As a result sex workers were forced to resort to a informal financial delivery system run by mostly unscrupulous individual or organization. Sex workers used to save money with them and could taken against exorbitant e interest rates leading to cycles of perpetual indebtedness. In some arrangements, sex workers' had to work as bonded labour until they can pay off their debts. Indebtedness also prevents sex workers from being able to save money to secure future life. They were unable to for the future or accumulate enough capital to move out of the occupational or to engage as independent labour moving .

It was soon realized that unless sex workers' develop their economically security there is very little hope to ensure safer sex practices for each one every sex act.


A dream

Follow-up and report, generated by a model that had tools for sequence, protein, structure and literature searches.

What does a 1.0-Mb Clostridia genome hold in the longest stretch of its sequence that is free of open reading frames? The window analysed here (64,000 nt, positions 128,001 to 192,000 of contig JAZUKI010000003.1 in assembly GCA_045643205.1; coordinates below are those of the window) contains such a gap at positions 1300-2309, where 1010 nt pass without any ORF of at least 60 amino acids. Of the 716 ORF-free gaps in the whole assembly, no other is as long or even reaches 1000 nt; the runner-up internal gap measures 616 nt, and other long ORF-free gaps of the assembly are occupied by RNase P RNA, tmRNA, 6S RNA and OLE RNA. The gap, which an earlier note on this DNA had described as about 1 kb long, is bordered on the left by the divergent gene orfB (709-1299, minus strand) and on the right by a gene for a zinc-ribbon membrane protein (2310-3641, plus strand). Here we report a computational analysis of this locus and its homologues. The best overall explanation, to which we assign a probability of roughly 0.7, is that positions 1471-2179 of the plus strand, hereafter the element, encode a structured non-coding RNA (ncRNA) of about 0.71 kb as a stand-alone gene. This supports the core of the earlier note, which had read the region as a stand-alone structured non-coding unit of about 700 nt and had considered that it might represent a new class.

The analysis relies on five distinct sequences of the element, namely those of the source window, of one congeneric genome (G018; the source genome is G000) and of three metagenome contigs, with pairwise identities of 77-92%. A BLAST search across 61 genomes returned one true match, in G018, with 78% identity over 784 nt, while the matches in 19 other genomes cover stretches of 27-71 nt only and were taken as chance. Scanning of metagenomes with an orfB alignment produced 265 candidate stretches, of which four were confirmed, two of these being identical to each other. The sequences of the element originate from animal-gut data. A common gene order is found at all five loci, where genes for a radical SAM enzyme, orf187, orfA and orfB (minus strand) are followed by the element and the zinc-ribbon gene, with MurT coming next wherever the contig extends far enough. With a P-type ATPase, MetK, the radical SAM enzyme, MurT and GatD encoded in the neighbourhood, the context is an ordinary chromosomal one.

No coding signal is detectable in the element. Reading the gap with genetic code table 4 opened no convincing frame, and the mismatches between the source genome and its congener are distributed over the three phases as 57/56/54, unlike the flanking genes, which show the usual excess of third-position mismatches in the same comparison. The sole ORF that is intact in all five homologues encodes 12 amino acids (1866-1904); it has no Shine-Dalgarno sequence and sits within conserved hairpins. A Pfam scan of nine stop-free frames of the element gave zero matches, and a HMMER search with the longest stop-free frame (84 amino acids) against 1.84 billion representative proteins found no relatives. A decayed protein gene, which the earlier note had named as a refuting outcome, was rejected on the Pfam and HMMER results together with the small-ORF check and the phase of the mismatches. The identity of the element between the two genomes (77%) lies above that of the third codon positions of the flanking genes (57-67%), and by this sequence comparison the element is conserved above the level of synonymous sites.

PEs often used to raise their issues related to economic exploitation in different project meetings. In line with the dialogical philosophy of the organization, SHIP responded by initiating debates with peer educators about potential solutions, and finally came to an agreement to form a Co-operative society that would be run and led by the sex workers. A staffmember who had links with a fishermen co-operative society took a groups of PEs for a exposure visits to help them to understand the concept and to help realize the potential benefits of initiating such a venture. After initial reservations about their own abilities, and after much dialogue and debate, the PEs finally agreed to pursue this option, and a number of experienced and influential friends of SHIP were requested to help set up the co-operative society of and by the sex workers. Accordingly they collect the relevant paper from the cooperative department and went for its submission. However the Government Co-operative Department informed them that registration of a sex workers' co-operative is not possible as the cooperative low regulating co-operatives initiative had a clause which requires members of the propose society should been a good moral character. After lot of pernation, one of the staff member of the cooperative dept suggested that sex workers should register the organization as a housewives' organization what could bypass the legal obstacle. The PEs and SHIP could not agree to this compromise formula as one of their broader objective was to gain greater social recognition for sex work as a profession. Consequently, they started an intensive lobbying and advocacy campaign to gain draw support to form their own cooperative. Durbar finally managed to gain access to the highest level government officials, culminating in a number of meetings with the honorable Minister of the Co-operatives.